It is not the American Cancer Society's role to evaluate my risk and make that decision for me. I expect them to set the highest of standards. Not hide behind the lowest.When I saw their response, I was outraged once again, but this time also deeply saddened. I thought that once this practice of giving toxic cosmetics to cancer patients was pointed out in the media, and it was shown that people strongly objected to the practice - and that the objections were evidence-based - that these organizations would do the right thing. Instead, the American Cancer Society and the lobbying arm of the cosmetics industry are hiding behind marketing and public relations ploys.For its part, the Personal Care Products Council issued a press release claiming that all of its products comply with current Food and Drug Administration standards. This is ludicrous because these standards are so weak, not to mention outdated, that companies are not even required to demonstrate a product is safe before it lands on store shelves - or in makeup kits. And the Personal Care Products Council spends millions of dollars lobbying against cosmetic safety regulations to make sure it stays that way.These pinkwashers' poor excuses are unacceptable. It has been six months since I discovered the harmful chemicals in the makeup kit I was given, but I'm still furious that I was betrayed by a program I trusted: a program run by the largest cancer charity in the nation. I have made phone calls and written dozens and dozens of emails, blog posts and Facebook posts to stakeholders of the program.A hurt like this is not so easy to heal, especially when these pinkwashers go on denying the truth. I'm working to keep the pressure on them so no woman will have to experience what I went through. Now that's what would really make me feel better.
Katy, age 59 Oncotype dx 30 Dx 12/15/2014, IDC, Right, 1cm, Stage IA, Grade 2, 0/1 nodes, ER+/PR+, HER2- (IHC) Surgery 12/17/2014 Lymph node removal: Right, Sentinel Surgery 12/17/2014 Mastectomy: Right; Prophylactic mastectomy: Left Chemotherapy 3/4/2015 Cytoxan (cyclophosphamide), Taxotere (docetaxel) Hormonal Therapy 7/31/2015 Tamoxifen pills (Nolvadex, Apo-Tamox, Tamofen, Tamone) Hormonal Therapy 2/2/2016 Arimidex (anastrozole)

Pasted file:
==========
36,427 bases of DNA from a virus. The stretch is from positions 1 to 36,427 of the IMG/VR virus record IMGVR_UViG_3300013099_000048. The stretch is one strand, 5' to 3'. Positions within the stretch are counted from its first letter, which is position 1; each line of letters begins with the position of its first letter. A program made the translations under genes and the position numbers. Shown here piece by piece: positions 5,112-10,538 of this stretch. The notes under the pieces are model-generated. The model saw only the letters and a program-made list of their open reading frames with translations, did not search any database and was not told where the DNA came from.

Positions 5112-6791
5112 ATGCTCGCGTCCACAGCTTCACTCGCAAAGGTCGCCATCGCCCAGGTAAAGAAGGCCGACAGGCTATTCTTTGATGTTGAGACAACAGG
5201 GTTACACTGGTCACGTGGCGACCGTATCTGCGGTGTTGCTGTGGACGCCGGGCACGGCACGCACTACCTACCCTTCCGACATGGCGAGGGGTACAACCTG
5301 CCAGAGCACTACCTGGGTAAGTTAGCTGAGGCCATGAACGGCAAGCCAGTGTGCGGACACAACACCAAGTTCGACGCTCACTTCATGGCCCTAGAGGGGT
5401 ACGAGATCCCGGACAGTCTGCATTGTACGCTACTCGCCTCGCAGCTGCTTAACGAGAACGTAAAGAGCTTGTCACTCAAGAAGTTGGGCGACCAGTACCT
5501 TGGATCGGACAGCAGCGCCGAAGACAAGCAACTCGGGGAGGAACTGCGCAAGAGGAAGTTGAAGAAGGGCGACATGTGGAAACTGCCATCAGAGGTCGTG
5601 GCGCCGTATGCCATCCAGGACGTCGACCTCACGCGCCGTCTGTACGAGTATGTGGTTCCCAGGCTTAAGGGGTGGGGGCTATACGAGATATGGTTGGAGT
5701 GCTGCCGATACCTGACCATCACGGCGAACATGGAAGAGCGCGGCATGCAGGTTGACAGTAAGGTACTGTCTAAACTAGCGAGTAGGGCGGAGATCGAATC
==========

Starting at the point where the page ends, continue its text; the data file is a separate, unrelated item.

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Oct 29, 2015 02:30PM - edited Oct 29, 2015 02:31PM by sas-schatzi

Katy, space is not a problem. It's important to have it here. I'll put a link to it in the topic box. As time and pages move on, it won't be lost :)

Please, I need a favor. Could you check out this ingredient list for any carcinogenic ingredients?

Life's journey is not to arrive at the grave safely in a well preserved body, but rather to skid in sideways, totally worn out shouting "holy crap....what a ride".
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Oct 29, 2015 03:27PM ShetlandPony wrote:

Well, "Fragrance" can contain all kinds of bad stuff, and they don't have to tell you what it is. Fragrance can irritate sensitive skin. How stupid is that? EWG's web site gives fragrance a red 8, the highest score for potential problems with a cosmetics ingredient.

http://www.ewg.org/skindeep/ingredient/702512/FRAG...


2011 Stage I ILC ER+PR+ Her2- 1.5 cm grade 1, ITCs sn . Lumpectomy, radiation, tamoxifen. 2014 Stage IV ILC ER+PR+Her2- grade 2, mets to breast , liver. Taxol NEAD. 2015,2016 Ibrance+letrozole. 2017 Faslodex+Afnitor; Xeloda. 2018,2019 Xeloda NEAD
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Oct 29, 2015 03:38PM glennie19 wrote:

Go Katy!!! Excellent job!!!

Fibromyalgia and Truncal Lymphedema,,, some of the fun things I live with. Total hysterecomy 9/29/14 Prophy MX Righty 11/30/17 Dx 6/27/2013, Paget's, 1cm, Stage 0, Grade 3, 0/6 nodes, ER+/PR+, HER2- Surgery 8/7/2013 Lymph node removal: Left, Sentinel; Mastectomy: Left Dx DCIS
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Oct 29, 2015 03:42PM Jackbirdie wrote:

Shetland Pony is right. Fragrance can be anything. They are not required to list the components. I back off whenever J see that word. A chemist friend of mine who used to work for a large oil and gas company says fragrance is almost always petroleum based. Uh. No thank you.

Since this is a prescription item it is not evaluated on the skindeep site. Some of the ingredients appear to be naturally occurring substances, but that is no guaranty of safety.

Of the most concern based in my very limited knowledge, is phenoxyethanol, which some feel is more dangerous than previously thought. Ewg ranks it orange, moderately dangerous, but i came across several articles challenging it's safety.

The single most powerful accomplishment that is within reasonable reach, is to legislate the requirement of fragrance ingredient disclosure. But "they" are very big and powerful. They claim these are trade secrets. No other industry gets away with this kind of shit.

Katy, age 59 Oncotype dx 30 Dx 12/15/2014, IDC, Right, 1cm, Stage IA, Grade 2, 0/1 nodes, ER+/PR+, HER2- (IHC) Surgery 12/17/2014 Lymph node removal: Right, Sentinel Surgery 12/17/2014 Mastectomy: Right; Prophylactic mastectomy: Left Chemotherapy 3/4/2015 Cytoxan (cyclophosphamide), Taxotere (docetaxel) Hormonal Therapy 7/31/2015 Tamoxifen pills (Nolvadex, Apo-Tamox, Tamofen, Tamone) Hormonal Therapy 2/2/2016 Arimidex (anastrozole)
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Oct 29, 2015 04:01PM Traveltext wrote: